David Cameron says the disappearance of three east London girls feared to be heading to Syria to join Islamic State extremists is “deeply concerning”.
Shamima Begum, 15, Kadiza Sultana, 16, and an unnamed 15-year-old friend, flew from Gatwick to Turkey on Tuesday.
Police, who interviewed the girls after another girl from their school went to Syria in December, said the development had come as a “great surprise”.
They said nothing at the time had indicated the three girls were at risk.
The four girls all attended Bethnal Green Academy in Tower Hamlets.
Mr Cameron said: “It is deeply concerning and obviously our authorities will do everything we can to help these girls.
“But it does make a broader point which is the fight against Islamist extremist terror is not just one that we can wage by the police and border control.
“It needs every school, every university, every college, every community to recognise they have a role to play.
“We all have a role to play in stopping people from having their minds poisoned by this appalling death cult.”
The Metropolitan Police said they had been spoken to the three girls that month as part of the inquiry into the other girl’s disappearance.
The force said: “There was nothing to suggest at the time that the girls themselves were at risk and indeed their disappearance has come as a great surprise, not least to their own families.”
The three girls they told their parents on Tuesday they were going out for the day, police said.
CCTV at Gatwick airport captured the girls as they passed through security, before boarding a Turkish Airlines flight to Istanbul.
Shamima is possibly travelling under the name of her 17-year-old sister Aklima Begum, police said. The third girl is not being named at the request of her family.
Worshippers at the East London Mosque were asked during Friday night prayers to come forward if they had any information to help the girls return home safely.
Mosque spokesman Salman Farsi said the trio, who have been described as “straight-A students”, had been manipulated.
He said: “They have been misled. I do not know what was promised to them. If they do go to Syria, it is a war zone and there are serious ramifications for going in to a war zone.”
Dr Muhammad Abdul Bari, a trustee of the mosque, told the BBC: “Our understanding is the family didn’t have any idea and the children didn’t leave any clues and even the school, which is quite a good school in this borough, they don’t have any clue as to why these three girls just suddenly left.
“They might have some other friends and people don’t know whether they were radicalised online or by some individuals physically.
“It’s a mystery for the community.”
Police have issued a description of the three girls:
- Kadiza Sultana is 5ft 6in and slim build. She was wearing black-rimmed glasses, a long black jacket with a hood, a grey striped scarf, a grey jumper and dark red trousers and was carrying a black holdall. She speaks English with a London accent and Bengali
- Shamima Begum is 5ft 7in. She was wearing black, thick-rimmed glasses, a black hijab, a light brown and black leopard-print scarf, a dark red jumper, black trousers and a jacket, and was carrying a dark blue holdall with white straps. She speaks English with a London accent and Bengali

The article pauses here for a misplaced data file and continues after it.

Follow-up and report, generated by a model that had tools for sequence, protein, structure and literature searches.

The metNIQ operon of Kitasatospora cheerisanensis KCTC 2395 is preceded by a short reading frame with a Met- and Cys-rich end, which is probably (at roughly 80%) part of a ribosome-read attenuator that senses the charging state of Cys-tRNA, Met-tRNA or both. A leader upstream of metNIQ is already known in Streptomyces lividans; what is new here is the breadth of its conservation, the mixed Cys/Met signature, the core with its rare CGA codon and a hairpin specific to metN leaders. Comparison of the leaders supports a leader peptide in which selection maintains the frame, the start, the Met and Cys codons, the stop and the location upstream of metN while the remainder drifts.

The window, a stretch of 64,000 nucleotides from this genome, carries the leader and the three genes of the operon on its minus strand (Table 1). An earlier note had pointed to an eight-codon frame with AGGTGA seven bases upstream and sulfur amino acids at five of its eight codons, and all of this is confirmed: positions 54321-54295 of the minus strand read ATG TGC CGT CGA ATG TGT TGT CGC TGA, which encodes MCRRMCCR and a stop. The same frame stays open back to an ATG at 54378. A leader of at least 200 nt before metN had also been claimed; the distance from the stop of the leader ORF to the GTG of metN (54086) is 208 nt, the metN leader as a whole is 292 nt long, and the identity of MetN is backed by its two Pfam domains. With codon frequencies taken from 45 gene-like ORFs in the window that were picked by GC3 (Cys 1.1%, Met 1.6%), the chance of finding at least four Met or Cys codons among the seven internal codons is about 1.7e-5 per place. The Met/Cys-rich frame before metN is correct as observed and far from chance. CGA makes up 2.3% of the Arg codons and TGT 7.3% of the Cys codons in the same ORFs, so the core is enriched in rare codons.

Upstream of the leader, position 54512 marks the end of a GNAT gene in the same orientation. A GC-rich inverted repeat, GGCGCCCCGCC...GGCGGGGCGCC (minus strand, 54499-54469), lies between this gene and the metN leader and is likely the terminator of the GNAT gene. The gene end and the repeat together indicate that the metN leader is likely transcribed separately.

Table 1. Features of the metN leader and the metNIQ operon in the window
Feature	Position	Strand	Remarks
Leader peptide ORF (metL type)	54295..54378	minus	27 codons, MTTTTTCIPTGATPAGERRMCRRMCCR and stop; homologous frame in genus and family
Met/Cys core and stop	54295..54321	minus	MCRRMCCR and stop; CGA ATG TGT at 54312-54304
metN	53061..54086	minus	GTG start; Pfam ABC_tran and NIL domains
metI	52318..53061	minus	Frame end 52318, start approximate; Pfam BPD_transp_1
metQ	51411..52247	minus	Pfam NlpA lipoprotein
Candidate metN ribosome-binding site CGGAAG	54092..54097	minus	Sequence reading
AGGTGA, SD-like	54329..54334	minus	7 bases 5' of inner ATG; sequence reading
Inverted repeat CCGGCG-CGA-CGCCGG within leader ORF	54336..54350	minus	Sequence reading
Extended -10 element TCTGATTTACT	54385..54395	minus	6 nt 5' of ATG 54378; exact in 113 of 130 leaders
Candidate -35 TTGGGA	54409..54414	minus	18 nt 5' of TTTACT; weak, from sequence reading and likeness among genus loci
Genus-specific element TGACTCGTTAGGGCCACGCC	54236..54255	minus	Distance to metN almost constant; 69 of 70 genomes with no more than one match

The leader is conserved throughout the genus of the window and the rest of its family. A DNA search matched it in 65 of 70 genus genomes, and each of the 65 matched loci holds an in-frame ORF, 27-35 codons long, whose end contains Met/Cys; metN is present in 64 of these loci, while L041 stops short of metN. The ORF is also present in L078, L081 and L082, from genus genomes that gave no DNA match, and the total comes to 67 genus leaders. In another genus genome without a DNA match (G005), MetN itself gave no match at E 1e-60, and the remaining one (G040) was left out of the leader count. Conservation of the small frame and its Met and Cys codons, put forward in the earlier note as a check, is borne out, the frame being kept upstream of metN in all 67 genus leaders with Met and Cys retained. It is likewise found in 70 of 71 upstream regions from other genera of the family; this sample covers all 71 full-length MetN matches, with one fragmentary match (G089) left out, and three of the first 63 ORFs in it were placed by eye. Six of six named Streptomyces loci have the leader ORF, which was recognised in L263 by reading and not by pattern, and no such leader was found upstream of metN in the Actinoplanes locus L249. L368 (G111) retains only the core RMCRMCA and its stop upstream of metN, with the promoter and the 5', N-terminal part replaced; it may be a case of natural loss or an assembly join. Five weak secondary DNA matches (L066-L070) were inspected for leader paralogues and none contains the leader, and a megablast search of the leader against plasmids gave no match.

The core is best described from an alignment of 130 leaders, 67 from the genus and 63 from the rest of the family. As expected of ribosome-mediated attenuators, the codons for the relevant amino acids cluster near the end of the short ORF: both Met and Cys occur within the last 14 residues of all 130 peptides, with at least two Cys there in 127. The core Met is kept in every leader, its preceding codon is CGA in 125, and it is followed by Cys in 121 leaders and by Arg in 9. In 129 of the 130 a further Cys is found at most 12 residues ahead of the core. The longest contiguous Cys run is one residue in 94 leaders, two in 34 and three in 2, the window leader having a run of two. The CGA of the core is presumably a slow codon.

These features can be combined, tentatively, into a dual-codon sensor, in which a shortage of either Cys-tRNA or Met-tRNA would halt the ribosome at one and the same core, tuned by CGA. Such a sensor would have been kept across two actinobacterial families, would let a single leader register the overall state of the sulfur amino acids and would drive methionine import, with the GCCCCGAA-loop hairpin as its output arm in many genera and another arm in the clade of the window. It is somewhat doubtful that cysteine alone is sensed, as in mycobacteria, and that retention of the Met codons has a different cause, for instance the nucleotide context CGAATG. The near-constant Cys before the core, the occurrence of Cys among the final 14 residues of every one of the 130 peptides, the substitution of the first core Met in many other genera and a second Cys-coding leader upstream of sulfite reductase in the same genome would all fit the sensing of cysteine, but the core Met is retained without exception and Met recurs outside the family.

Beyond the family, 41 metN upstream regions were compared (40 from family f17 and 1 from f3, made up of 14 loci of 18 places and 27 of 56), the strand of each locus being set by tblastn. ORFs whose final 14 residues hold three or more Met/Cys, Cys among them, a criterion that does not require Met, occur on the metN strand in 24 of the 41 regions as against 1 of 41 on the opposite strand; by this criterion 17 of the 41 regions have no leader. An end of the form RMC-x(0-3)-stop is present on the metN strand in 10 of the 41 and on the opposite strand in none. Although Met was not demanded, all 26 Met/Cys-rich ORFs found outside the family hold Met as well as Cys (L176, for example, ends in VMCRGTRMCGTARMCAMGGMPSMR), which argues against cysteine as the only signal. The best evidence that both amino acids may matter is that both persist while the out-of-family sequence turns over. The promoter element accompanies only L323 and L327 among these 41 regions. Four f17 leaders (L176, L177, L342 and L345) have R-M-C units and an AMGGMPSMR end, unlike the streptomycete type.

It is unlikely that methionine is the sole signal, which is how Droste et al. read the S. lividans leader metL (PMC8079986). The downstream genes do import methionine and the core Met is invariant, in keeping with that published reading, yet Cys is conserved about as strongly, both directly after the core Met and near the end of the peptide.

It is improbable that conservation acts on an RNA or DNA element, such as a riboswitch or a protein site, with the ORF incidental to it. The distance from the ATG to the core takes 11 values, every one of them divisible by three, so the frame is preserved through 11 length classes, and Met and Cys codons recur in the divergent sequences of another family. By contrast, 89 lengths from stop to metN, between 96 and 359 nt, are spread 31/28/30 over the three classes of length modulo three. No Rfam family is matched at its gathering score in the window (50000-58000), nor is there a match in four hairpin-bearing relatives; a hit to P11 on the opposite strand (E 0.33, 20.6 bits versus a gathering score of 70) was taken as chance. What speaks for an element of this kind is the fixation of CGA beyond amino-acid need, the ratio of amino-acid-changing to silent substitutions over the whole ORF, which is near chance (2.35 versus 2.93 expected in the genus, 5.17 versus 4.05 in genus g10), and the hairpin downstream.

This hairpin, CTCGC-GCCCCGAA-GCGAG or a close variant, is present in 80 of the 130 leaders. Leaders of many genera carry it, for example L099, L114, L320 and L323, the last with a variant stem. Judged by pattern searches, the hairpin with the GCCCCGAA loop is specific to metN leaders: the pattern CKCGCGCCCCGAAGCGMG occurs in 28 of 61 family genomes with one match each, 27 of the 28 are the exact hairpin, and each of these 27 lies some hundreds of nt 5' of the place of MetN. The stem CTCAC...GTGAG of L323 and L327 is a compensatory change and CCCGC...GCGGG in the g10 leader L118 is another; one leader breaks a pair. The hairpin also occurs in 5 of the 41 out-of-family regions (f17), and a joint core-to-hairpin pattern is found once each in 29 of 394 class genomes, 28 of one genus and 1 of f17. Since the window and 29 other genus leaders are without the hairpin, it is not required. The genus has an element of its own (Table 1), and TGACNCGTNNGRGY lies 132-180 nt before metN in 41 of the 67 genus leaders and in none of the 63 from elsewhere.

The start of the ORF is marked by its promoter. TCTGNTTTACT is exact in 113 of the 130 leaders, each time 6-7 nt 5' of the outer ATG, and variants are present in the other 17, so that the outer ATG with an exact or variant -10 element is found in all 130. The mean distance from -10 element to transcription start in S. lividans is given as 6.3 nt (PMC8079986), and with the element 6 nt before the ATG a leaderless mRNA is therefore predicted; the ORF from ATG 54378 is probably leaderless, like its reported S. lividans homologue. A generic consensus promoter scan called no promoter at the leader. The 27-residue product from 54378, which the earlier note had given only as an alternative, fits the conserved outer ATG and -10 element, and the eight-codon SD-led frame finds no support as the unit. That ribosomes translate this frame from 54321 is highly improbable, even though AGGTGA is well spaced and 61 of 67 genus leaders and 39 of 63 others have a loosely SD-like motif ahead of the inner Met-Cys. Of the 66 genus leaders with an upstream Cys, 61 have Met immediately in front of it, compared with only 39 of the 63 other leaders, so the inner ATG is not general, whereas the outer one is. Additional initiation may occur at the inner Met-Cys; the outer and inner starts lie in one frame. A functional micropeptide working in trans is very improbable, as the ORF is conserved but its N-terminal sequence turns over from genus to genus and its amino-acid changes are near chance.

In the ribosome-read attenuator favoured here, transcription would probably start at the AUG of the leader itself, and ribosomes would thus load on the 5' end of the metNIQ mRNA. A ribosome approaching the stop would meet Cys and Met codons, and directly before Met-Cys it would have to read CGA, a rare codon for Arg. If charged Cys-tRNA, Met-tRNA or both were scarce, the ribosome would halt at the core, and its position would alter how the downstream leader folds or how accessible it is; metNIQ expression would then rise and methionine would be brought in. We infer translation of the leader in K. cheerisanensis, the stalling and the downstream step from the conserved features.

- The 15-year-old unnamed girl is 5ft 6in and slim build. She was wearing black, thick-rimmed glasses, a black headscarf, a long dark green jacket with a fur-lined hood, a light yellow long-sleeved top, black trousers and white trainers, and was carrying a black Nike holdall. She speaks English and Amharic
Rushanara Ali, MP for Bethnal Green and Bow, said there was “deep concern” and shock in the close-knit community.
Speaking on BBC Radio 4’s Today programme about the possibility they were heading to Syria, she said: “We all of us hope that’s not the case, but they left home without informing their families, left the country, which is extremely out of character so these are our worst fears.”
Mussurut Zia, general secretary of the Muslim Women’s Network, told BBC Breakfast: “I don’t think for one instant that these people, Isis [Islamic State or IS] and their likes, are going to treat these girls in the right way.
“They won’t have rights, they won’t be equal to their male counterparts and I don’t think that they know this at the moment and they’re going to be in for a real shock.”
She called for more training for airport staff to ask questions of those flying to border countries such as Turkey and raised the possibility of parental consent to be given when teenagers were travelling abroad alone.
Metropolitan Police Commander Richard Walton said he believed the girls would be “in grave danger” if they made it to Syria.
He said he hoped they would “hear our concerns for their safety and have the courage to return now, back to their families who are so worried about them”.
Police hope the girls may still be in Turkey, as severe winter weather is currently affecting transport links in the country.
Abdul Samid, a parent governor at Bethnal Green Academy, said there was “absolutely not” any radicalisation at the school.
“I’m 100% confident – with the head and the senior leadership team and the whole school – that we’ve done everything to put in measures that safeguard all the children that attend the school,” he said.
Shadow home secretary Yvette Cooper said: “The idea of 15-year-old British schoolgirls setting off to Syria is very disturbing, and shows that more action is urgently needed to stop young people being drawn into extremism and conflict.”
Those with information can call the free Anti-Terrorist Hotline number on 0800 789 321.